When electronic cigarette maker Juul’s e-juice pods hit the market in 2015 with nicotine levels well above competitors, it caused many other e-cigarette companies to begin producing products with higher nicotine levels in order to stay competitive in a “nicotine arms race,” according to a new study published Thursday in the BMJ journal Tobacco Control.
Juul’s flavored cartridges (or pods) came on the consumer market containing 5% nicotine, when competing products had closer to 1-3% nicotine at the time. Because Juul has such a massive market share in the U.S. of around 75% of all e-cig companies, this pushed other companies to ramp up to the now relatively common 5-7% nicotine rate in vape pen cartridges. But this is alarming for one key health-related reason. One flavored pod that contains 5% nicotine is equivalent to one pack of traditional cigarettes, and some people may vape more than one pod per day without thinking they are doing much damage to their bodies.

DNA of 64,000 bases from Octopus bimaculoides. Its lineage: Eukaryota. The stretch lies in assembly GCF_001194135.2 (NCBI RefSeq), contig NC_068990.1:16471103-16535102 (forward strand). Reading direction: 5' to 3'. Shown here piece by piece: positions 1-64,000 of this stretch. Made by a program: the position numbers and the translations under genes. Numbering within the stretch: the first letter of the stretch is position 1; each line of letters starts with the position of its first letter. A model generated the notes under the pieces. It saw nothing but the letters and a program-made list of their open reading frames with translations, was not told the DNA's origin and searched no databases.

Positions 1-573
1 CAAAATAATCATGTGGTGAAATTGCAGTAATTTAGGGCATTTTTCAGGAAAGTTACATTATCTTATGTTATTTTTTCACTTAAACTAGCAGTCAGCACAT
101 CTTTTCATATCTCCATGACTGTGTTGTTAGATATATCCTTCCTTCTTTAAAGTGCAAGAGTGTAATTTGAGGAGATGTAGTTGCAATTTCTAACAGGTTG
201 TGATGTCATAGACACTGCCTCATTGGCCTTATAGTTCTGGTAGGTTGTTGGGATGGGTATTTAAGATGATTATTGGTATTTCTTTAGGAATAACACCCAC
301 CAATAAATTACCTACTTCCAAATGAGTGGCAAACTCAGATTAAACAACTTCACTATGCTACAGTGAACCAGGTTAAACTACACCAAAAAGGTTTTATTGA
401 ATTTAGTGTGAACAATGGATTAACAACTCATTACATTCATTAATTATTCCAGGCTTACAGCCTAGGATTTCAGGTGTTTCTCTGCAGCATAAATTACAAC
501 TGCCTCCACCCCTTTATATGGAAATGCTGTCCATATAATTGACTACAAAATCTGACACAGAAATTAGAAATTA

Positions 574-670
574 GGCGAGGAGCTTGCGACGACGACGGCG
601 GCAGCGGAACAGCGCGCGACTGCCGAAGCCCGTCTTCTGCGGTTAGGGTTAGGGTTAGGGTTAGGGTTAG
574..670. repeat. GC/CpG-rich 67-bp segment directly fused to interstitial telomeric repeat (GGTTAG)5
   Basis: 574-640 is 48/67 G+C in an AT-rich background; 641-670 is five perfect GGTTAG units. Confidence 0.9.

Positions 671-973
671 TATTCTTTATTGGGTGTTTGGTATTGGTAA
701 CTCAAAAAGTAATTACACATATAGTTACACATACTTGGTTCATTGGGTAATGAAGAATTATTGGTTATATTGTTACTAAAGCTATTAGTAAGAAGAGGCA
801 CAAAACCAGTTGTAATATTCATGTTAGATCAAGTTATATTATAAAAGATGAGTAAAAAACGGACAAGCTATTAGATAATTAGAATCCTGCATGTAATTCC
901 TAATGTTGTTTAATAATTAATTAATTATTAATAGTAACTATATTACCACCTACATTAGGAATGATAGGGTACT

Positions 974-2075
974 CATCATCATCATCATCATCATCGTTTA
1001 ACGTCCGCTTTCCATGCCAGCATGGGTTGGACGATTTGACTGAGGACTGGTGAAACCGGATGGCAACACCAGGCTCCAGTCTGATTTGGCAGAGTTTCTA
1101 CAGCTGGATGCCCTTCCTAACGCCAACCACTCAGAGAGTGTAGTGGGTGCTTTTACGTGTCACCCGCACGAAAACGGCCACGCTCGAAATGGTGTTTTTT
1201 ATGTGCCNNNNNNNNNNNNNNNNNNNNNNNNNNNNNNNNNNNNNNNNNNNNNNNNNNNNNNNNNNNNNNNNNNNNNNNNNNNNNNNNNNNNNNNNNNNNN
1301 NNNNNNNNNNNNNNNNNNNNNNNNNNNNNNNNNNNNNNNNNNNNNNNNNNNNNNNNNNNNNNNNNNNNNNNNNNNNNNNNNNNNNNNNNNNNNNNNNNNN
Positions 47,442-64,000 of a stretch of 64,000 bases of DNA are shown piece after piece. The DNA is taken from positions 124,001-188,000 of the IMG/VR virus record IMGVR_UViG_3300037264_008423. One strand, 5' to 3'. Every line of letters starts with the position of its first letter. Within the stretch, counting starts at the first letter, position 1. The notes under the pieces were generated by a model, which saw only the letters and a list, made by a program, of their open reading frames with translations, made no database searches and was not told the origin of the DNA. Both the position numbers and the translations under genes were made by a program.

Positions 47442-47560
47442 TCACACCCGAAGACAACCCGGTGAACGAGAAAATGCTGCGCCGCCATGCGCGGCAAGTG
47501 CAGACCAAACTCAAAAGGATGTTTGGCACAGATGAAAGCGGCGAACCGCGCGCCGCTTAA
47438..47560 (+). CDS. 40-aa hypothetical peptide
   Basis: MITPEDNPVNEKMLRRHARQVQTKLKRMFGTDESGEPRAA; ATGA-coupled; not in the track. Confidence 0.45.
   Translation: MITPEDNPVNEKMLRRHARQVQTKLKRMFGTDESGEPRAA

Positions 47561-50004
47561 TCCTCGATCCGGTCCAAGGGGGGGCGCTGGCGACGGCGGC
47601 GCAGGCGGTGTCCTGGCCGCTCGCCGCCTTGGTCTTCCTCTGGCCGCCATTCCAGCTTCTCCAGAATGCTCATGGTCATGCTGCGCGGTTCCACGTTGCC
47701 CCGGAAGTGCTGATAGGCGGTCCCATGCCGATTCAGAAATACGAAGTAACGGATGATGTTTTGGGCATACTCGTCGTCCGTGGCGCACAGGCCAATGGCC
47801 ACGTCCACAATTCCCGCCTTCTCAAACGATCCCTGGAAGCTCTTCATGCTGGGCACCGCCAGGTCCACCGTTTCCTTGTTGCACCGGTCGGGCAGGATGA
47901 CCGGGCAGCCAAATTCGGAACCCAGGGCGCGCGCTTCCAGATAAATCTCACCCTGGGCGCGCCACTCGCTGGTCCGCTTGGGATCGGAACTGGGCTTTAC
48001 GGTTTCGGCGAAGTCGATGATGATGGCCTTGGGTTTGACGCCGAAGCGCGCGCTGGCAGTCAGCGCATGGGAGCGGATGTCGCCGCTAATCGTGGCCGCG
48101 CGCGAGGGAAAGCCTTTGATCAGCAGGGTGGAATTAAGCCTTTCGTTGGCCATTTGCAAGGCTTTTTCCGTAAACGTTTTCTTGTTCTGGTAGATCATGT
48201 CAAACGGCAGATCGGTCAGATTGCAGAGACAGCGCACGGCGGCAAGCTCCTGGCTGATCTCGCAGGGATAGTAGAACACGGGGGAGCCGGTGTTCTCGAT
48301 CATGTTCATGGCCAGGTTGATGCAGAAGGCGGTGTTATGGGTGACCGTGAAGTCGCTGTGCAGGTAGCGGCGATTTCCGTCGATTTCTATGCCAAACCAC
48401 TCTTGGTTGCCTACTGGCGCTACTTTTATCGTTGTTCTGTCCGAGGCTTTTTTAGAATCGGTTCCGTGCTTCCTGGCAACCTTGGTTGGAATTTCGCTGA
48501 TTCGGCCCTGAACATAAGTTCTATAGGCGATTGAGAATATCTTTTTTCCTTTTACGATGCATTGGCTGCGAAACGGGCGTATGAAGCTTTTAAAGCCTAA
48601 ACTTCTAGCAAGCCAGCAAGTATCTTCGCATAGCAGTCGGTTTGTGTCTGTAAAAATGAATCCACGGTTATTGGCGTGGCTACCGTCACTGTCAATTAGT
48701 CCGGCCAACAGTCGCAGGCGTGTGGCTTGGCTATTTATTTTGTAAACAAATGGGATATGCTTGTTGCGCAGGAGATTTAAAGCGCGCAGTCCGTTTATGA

The report comes amid ongoing public health concerns, including from U.S. Food and Drug Administration (FDA) officials, that e-cigarettes with flavored pods are marketed toward young people. Research published at the beginning on February showed that teens that tried e-cigs were more likely to try traditional cigarettes later.
The authors of the Tobacco Control study warned in their conclusion of several grave consequences because of an ongoing lack of strict regulation around vaping products, noting that e-liquids now make it possible to buy nicotine in unprecedented concentrations—and in large quantities—which they said could “represent a childhood poisoning risk” and should require standardized labeling as a public health measure. “The rapidly rising popularity of high-nicotine e-liquids threatens to addict a generation of youth,” the study’s authors wrote.